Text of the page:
A Comparison: The Book of Phoenix and Who Fears Death

Here is my original review of Who Fears Death (Nnedi Okorafor; 2010). This review includes spoilers for both Who Fears Death and its prequel, The Book of Phoenix (Okorafor; 2015).

9780756410193_TheBookof_Phoenix_JK.inddAs a prequel to Who Fears Death, it is impossible not to compare these two books. I think that Who Fears Death was much more successful than The Book of Phoenix on several levels. The Book of Phoenix tells the story of the apocalyptic event that created the far future world of Who Fears Death, instigated by a genetically engineered immortal weapon named Phoenix.

Who Fears Death sits clearly in the realm of fantasy/magical realism. This genre choice works well for the style of story, which incorporates African myth and folklore. The Book of Phoenix is more a science fiction story–or to be accurate, it employs the tropes of superhero comics with a nod to SF. Yet the style is deliberately that of oral storytelling, presumably drawn from African traditions (given the themes), with a tendency toward repetition, circling around events, and some unnecessary tangents. I didn’t think these two choices meshed at all well together. I had several unanswered questions regarding the more science fictional aspects of the plot that probably wouldn’t have bothered me as much in a more fantastic setting.

Both stories center around a female character with incredible powers who is also incredibly angry. Who Fears Death did not feel the need to justify or soften its heroine’s anger, who is reacting to the sexist and racist oppression she experiences. The Book of Phoenix focuses on racial oppression, particularly the exploitation of African peoples by the West, and this theme is very powerful. Unlike Who Fears Death, though, it has no corresponding feminist message. Toward the end, as Phoenix is wreaking her vengeance, there is a very disturbing paragraph, where Phoenix notes that as a woman, she is unable to control her anger or channel it properly. If she were a man, she would have been a better superhero, she seems to say. This observation comes out of nowhere and is difficult to explain. Are we supposed to believe that this is simply Phoenix’s naivete talking? If so, it’s clumsily handled and, I think, stands in opposition to the theme I enjoyed most in Who Fears Death, which was the power and rightness of women’s anger.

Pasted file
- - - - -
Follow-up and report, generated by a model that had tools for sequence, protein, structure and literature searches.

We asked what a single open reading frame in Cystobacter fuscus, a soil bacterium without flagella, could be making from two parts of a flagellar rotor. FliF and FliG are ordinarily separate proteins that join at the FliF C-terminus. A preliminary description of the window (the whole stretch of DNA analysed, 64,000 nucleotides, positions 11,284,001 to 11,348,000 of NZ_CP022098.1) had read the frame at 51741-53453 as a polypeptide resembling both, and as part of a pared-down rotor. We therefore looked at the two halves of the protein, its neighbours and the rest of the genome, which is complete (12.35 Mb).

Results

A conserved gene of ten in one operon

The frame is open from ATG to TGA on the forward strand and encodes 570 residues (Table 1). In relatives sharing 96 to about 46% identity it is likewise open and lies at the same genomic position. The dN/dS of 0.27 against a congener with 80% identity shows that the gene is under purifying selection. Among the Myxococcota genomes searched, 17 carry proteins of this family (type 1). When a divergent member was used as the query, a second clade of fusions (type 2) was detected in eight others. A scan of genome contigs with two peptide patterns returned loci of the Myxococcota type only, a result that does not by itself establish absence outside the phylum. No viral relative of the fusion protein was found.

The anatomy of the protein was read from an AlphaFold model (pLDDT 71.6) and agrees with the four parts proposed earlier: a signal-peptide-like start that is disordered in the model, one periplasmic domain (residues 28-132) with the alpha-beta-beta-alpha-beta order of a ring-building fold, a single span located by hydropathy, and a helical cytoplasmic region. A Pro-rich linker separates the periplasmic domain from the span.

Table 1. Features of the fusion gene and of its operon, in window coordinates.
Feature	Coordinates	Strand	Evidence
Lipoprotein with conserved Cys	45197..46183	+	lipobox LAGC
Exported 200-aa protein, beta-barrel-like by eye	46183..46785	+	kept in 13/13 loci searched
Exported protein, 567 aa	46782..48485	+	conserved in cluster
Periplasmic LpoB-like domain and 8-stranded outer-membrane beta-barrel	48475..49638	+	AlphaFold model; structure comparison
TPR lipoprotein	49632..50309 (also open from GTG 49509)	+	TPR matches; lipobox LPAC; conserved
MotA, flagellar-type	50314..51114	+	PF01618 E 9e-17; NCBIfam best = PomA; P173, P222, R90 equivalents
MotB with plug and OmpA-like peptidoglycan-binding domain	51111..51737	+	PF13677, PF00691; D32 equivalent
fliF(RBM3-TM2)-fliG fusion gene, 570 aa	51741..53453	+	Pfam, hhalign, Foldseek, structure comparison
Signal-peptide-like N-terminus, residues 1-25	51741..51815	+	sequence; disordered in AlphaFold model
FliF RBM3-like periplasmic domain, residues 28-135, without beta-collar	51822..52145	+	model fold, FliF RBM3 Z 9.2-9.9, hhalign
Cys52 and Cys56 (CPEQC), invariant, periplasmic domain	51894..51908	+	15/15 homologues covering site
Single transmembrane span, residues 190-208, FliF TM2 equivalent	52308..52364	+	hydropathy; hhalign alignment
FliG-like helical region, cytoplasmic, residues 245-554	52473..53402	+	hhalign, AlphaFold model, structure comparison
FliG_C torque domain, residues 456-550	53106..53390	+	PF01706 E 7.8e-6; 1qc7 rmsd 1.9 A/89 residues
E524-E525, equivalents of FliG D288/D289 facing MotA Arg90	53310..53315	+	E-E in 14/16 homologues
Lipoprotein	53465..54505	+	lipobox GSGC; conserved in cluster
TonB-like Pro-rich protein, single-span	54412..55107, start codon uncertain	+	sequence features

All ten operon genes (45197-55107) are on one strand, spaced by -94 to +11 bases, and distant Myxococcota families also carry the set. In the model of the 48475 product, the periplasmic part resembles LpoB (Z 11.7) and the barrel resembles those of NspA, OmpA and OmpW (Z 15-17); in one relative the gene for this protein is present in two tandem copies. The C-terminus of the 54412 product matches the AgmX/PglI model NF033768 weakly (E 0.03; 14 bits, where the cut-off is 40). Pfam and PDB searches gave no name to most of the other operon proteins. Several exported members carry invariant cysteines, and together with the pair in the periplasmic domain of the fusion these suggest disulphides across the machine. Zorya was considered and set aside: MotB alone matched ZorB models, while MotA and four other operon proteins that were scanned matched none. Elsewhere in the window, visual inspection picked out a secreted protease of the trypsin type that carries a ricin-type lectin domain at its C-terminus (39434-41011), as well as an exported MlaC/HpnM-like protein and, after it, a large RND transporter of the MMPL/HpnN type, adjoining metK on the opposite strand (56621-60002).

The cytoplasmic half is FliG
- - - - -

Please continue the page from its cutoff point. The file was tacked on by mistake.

I am not very familiar with African myths beyond the basics of Yoruba, so I can’t really comment on these themes in either books, although I am certain that Okorafor has knowledgeably incorporated myth into both. However, it’s hard to miss the biblical references. If Who Fears Death can be seen as an upending of the Christ story, with an angry and vengeful Christ figure at its center, then The Book of Phoenix is clearly Old Testament, with all its falls: the fall of the tower, the fall of angels, the fall of man, culminating in a waterless flood, the scorching of the Earth with fire. Is Phoenix then a Lucifer figure, or is this another upending? She sees herself as a villain, not a heroine, and she seems to root her villainy in her femaleness (Eve in the garden). Are we supposed to condemn her then? Given the sheer evil of the forces she was up against, I don’t want to condemn her. I just don’t feel like Okorafor gives us enough to really understand what she is trying to say with this book. It’s frustrating.

That’s how I mainly felt upon finishing: frustrated. I was looking forward to having some of the unanswered questions in Who Fears Death answered. I don’t feel they really were. I still don’t understand how Phoenix’s story–which becomes the basis of the Great Book, or the religious text that everyone abides by in Who Fears Death–is twisted to justify the oppression and enslavement of black Africans by Arabic Africans. I didn’t feel a true continuity between these two stories. I think I would have been better off letting Who Fears Death stand alone.

First Impressions: The Snow Queen

These are my first impressions after reading The Snow Queen (Joan D. Vinge; 1980) in May 2011. Some spoilers.